Cyclists feel safer on roads with PCSD citing distracted drivers

TUCSON (KGUN9-TV) - Some cyclists in Pima County say they feel safer on the roads now that the Pima County Sheriff's Department is actively citing distracted drivers.

One of those cyclists happens to be Tucson City Council Member Steve Kozachik. Like many, he thinks that he lives in an incredible place to ride.

"Biking is a big deal in the city of Tucson," he said.

He rides his bike just about every day. In his mind, this makes the roads safer for everyone -- motorists, cyclists, and pedestrians. It's a primary offense in Pima County, meaning deputies can pull a driver over for simply holding their phone while stopped at a red light. He thinks it's time for the City of Tucson to follow suit.

"The city needs to get on board and make it a primary as well," Kozachik said. "So that the police don't have to wait to see you swerving between lanes before they can pull you over and cite you for distracted driving."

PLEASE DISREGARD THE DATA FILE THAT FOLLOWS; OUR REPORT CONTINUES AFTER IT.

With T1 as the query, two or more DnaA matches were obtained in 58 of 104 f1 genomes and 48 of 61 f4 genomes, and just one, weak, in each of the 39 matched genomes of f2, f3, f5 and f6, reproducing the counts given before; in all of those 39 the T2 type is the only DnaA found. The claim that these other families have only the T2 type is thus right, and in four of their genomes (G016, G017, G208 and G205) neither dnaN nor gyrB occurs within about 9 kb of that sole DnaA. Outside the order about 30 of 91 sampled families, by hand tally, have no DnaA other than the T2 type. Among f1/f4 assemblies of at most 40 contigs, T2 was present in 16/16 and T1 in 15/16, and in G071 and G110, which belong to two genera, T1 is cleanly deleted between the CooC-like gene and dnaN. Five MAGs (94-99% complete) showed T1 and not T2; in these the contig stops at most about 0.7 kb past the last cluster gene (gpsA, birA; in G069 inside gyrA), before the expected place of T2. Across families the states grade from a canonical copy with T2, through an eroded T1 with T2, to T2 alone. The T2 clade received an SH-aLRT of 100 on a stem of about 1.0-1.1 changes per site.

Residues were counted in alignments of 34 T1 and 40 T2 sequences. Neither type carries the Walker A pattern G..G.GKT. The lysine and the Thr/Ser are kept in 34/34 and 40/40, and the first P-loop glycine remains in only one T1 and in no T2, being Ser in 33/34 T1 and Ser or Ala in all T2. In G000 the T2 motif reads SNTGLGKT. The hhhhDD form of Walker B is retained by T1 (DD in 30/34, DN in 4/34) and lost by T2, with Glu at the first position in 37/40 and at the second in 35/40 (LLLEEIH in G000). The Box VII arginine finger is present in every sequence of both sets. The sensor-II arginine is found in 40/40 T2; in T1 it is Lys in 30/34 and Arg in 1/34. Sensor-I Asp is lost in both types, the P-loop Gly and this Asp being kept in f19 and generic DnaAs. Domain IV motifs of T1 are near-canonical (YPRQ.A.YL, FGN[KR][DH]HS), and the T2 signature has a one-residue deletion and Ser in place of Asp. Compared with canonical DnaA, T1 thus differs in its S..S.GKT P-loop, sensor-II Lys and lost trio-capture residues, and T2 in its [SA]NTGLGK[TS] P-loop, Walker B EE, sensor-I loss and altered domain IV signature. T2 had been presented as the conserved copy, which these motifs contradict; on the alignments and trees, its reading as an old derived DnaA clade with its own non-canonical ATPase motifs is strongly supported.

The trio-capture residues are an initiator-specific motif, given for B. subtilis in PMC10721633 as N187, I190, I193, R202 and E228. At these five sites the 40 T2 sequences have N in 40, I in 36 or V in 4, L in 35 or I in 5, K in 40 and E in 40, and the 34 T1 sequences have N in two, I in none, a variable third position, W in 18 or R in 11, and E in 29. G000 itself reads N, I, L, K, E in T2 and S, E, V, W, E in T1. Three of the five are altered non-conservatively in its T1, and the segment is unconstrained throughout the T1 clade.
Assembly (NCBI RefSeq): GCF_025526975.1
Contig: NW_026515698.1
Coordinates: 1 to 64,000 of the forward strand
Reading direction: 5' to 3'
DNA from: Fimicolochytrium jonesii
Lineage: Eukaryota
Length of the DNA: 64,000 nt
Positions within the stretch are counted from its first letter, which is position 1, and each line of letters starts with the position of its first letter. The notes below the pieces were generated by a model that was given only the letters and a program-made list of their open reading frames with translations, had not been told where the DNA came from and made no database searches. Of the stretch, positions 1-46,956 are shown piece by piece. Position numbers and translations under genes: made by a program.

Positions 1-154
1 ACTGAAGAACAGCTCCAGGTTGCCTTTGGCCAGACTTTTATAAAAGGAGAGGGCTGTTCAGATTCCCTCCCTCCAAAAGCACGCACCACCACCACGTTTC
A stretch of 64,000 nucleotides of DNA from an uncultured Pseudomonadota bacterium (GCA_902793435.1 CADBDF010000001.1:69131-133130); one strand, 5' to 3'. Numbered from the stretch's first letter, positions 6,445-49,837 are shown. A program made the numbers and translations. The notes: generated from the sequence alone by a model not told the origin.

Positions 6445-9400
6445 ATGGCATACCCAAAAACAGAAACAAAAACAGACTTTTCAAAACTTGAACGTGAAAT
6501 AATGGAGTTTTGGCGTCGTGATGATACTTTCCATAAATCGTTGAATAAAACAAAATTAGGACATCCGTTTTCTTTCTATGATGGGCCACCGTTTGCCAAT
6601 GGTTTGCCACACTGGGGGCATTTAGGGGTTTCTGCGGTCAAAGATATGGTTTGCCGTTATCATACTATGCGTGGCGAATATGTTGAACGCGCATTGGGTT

As he rides, he consistently sees drivers with their heads bobbing up and down, staring at their phones.

"You see it all the time, people on their phones," he said. "They're just jacking around either texting or calling or with tablets."

Scott Telles is currently teaching his two children how to ride bikes. They are six and eight years old -- eager to get on the road. While he's excited for them, he's also nervous about letting them loose on the city roads. But, with deputies actively citing distracted drivers, he thinks the roads will be safer for his kids.

"Yeah, I think it will," Telles said. "People will be more cautious about what's going on and yeah I absolutely think it will."

But, many drivers are still texting. KGUN9 spent about an hour at a busy East Side intersection to see it first hand -- and many drivers were using their phones.

Because of this, Telles gives his children a warning:

"I tell them that, drivers get distracted and they will be distracted," he said. "You're small, you're not as big as an adult, they may not see you, so you just have to be cautious every time you're on the bike."

He also has a plea for all of the drivers on the road:

"There's things that can wait," Telles said. "Life and death can wait if it's a second or two. So just wait until you get home, it's not a big deal."

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